Skimmers are boats that can skim oil from the water surface. An advantage of using a skimmerto remove oil from water is that it doesnt change the physical or chemical properties of the oil,as methods such as using chemical dispersants do. Skimmers often have attached settling tanks,so that the oil and water can be separated in the tank. If the oil is relatively fresh, it can berefined. In other instances, the oil is burned. The success of skimming depends on the type andthickness of the oil spill, the amount of debris in the water, the location and the weatherconditions (skimming works best in calm weather).


    In addition to using sorbent materials as booms, to contain and soak up oil spills, sorbents canalso be applied to the water surface as powders. Sorbents are often the final step of clean-up,because they can absorb trace amounts of oil that could not be skimmed off. Commonly usedsorbents include natural organic materials, such as peat moss and sawdust, or synthetic organicmaterials, such as polypropylene, polyester foam or polystyrene. Sorbents are generally appliedby hand, and recovered with the use of nets and rakes.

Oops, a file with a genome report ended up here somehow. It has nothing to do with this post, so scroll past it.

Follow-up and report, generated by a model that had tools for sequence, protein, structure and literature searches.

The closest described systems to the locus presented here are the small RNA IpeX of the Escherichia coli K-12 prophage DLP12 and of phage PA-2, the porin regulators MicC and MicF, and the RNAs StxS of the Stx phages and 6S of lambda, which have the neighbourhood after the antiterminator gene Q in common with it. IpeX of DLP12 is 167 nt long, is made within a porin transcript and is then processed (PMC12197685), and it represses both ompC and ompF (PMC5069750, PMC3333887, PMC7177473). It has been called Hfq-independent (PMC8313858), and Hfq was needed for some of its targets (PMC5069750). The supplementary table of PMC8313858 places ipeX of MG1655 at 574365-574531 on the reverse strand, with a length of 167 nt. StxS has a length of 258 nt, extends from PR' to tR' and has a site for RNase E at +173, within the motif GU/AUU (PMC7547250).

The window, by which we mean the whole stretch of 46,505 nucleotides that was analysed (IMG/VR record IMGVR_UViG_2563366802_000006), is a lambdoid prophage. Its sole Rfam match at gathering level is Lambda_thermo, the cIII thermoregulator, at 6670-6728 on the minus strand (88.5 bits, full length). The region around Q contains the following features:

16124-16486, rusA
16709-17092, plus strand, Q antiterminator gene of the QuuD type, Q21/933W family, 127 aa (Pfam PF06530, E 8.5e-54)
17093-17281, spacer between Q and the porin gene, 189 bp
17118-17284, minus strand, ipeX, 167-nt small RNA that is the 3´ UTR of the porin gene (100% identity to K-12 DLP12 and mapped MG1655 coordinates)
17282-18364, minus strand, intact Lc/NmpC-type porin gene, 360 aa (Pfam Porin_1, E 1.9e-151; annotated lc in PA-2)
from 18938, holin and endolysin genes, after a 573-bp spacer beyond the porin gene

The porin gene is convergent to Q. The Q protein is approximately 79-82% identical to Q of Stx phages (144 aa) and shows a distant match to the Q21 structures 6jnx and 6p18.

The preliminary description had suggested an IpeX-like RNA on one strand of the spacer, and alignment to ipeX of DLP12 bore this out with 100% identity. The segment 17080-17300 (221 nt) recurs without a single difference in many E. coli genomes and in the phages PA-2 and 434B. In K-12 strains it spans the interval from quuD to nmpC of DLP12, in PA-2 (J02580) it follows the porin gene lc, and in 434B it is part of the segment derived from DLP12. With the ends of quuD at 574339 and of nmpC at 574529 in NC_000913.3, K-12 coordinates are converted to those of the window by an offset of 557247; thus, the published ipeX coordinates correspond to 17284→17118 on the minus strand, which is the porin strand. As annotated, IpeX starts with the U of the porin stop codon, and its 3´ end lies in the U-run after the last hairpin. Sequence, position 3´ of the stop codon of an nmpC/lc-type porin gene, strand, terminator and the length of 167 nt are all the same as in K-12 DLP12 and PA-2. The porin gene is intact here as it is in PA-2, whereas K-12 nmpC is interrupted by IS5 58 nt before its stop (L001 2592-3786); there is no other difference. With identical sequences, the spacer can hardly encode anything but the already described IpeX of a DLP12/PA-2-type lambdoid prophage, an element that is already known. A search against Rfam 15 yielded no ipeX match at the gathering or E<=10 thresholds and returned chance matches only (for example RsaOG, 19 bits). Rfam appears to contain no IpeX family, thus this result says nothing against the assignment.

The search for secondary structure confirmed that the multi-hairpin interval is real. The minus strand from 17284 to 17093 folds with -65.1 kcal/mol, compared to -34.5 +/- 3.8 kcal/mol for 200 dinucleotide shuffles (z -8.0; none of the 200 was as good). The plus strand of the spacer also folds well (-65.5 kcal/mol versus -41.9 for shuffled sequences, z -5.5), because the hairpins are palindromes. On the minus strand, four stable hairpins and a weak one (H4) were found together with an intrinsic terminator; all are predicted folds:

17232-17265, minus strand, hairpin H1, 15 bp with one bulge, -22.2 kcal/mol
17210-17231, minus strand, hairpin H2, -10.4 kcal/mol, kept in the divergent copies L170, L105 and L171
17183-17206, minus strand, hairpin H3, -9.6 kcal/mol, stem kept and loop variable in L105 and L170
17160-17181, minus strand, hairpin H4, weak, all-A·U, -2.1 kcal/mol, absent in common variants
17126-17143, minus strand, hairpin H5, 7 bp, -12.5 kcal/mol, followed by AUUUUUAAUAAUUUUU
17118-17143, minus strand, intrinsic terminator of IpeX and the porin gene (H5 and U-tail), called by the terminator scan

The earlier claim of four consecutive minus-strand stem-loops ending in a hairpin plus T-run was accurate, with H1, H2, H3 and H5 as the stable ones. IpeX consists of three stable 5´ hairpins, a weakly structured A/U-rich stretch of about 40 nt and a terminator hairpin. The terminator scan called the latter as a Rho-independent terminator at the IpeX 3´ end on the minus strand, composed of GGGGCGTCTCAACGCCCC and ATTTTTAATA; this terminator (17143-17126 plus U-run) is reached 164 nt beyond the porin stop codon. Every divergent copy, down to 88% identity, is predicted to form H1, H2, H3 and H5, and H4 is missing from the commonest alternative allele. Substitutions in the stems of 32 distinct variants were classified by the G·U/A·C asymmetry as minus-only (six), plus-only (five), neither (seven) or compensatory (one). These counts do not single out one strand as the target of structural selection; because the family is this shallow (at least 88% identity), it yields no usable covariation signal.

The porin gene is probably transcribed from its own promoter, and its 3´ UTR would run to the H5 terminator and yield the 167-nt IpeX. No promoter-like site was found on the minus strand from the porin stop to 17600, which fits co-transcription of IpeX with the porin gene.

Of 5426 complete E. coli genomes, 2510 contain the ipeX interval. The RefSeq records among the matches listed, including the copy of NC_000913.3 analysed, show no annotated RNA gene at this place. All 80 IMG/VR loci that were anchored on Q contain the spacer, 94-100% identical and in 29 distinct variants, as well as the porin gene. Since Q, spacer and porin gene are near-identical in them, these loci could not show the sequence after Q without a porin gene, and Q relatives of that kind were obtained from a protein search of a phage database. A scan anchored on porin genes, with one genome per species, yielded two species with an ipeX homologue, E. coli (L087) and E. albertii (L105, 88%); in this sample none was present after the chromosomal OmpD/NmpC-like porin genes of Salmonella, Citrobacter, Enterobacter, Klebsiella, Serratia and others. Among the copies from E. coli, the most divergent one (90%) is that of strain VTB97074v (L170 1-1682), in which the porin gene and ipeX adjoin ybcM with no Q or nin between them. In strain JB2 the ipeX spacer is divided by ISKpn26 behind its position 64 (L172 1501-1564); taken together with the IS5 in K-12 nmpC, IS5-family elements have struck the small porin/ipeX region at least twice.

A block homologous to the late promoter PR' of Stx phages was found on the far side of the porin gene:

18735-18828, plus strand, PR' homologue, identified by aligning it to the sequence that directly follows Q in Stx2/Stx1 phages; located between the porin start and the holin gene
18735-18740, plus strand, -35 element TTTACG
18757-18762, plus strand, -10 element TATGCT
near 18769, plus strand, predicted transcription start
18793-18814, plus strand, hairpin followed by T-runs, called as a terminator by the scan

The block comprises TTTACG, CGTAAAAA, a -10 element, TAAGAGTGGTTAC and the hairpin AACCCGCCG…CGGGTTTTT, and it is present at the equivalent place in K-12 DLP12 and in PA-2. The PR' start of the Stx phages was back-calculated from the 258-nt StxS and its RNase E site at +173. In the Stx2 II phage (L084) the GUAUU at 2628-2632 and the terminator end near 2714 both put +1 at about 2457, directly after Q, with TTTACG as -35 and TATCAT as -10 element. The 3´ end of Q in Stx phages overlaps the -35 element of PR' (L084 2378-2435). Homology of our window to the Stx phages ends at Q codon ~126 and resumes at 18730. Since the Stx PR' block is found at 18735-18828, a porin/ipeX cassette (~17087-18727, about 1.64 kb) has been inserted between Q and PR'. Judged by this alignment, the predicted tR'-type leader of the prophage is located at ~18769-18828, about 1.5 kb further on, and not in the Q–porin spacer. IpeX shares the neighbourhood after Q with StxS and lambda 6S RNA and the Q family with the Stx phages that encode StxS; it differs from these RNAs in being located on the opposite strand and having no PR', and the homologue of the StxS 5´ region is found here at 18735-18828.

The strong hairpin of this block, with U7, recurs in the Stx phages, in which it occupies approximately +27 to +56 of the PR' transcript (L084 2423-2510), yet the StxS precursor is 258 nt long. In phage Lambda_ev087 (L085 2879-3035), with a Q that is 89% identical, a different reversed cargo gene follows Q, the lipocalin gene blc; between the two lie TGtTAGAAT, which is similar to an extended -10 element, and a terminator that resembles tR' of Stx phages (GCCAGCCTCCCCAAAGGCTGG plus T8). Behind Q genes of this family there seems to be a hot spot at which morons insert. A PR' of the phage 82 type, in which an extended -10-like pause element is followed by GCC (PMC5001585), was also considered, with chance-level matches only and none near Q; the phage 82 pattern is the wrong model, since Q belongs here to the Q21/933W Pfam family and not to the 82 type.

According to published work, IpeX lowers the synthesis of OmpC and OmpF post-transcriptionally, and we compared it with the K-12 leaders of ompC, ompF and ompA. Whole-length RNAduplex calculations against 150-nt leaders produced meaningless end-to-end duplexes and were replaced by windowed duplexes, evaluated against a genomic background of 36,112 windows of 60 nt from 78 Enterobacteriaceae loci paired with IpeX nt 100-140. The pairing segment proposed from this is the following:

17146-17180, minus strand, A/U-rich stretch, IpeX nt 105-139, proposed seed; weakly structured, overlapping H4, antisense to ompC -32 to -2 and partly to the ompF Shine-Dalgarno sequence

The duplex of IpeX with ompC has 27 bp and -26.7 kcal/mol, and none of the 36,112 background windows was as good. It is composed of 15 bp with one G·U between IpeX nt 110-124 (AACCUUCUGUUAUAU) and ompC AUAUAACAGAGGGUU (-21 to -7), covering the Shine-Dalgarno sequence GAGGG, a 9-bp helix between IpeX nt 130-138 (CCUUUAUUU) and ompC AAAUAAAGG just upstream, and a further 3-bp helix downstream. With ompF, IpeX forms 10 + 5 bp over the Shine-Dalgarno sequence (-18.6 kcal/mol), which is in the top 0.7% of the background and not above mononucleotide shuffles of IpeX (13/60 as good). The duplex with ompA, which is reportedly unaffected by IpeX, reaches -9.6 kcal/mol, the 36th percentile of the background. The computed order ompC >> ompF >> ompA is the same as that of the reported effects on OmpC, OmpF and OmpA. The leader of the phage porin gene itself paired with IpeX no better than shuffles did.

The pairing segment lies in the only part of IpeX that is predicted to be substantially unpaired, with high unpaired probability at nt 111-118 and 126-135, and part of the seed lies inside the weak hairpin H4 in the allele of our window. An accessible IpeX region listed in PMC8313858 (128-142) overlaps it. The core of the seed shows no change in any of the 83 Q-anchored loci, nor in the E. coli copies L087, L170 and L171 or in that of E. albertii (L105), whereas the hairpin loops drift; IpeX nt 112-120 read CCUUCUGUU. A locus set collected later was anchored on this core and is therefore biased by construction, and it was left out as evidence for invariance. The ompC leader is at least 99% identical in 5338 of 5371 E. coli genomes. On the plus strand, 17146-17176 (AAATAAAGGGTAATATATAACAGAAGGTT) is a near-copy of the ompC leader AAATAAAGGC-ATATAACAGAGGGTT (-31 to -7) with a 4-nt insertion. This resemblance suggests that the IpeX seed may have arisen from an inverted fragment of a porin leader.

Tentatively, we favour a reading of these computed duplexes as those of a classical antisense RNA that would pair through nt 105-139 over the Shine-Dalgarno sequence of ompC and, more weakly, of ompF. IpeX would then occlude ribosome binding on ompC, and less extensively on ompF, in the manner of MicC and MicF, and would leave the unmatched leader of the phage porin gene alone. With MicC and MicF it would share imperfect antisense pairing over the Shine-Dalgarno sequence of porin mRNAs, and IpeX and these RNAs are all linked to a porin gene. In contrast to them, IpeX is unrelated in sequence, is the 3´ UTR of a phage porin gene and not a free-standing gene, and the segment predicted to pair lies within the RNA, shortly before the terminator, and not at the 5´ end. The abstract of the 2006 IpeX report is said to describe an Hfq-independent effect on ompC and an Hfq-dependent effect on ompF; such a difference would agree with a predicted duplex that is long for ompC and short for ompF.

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    Burning is a method that is often used to remove oil from the surface of the water. Oil may alsobe burned after skimmers remove the oil from the water surface. The burning of oil releases

    nitrogen and sulphur, which in turn causes acid rain. While burning can remove the oil from thewater surface quickly and efficiently, it causes additional pollution. Thus, there are some ways ofcleaning up after oil spills that are more beneficial than others.

    Burning an Oil Spill;http://www.mms.gov/tarprojectcategories/insitu.htm

    Beach Clean-up

    Areas near shore that are contaminated with heavy concentrations of thick oil are often cleanedup manually, using shovels and trucks. Manual recovery can also be used to pick up oiled beachsand and gravel, to remove it from the beach and transport it to alternate locations for

    treatment. Vacuum trucks can vacuum the oil up, right off of the beach. Pressurized hoses canalso be used to wash oil off of beaches, into the water, where it will be dispersed and diluted inthe water.

    Case Study: The Exxon Valdez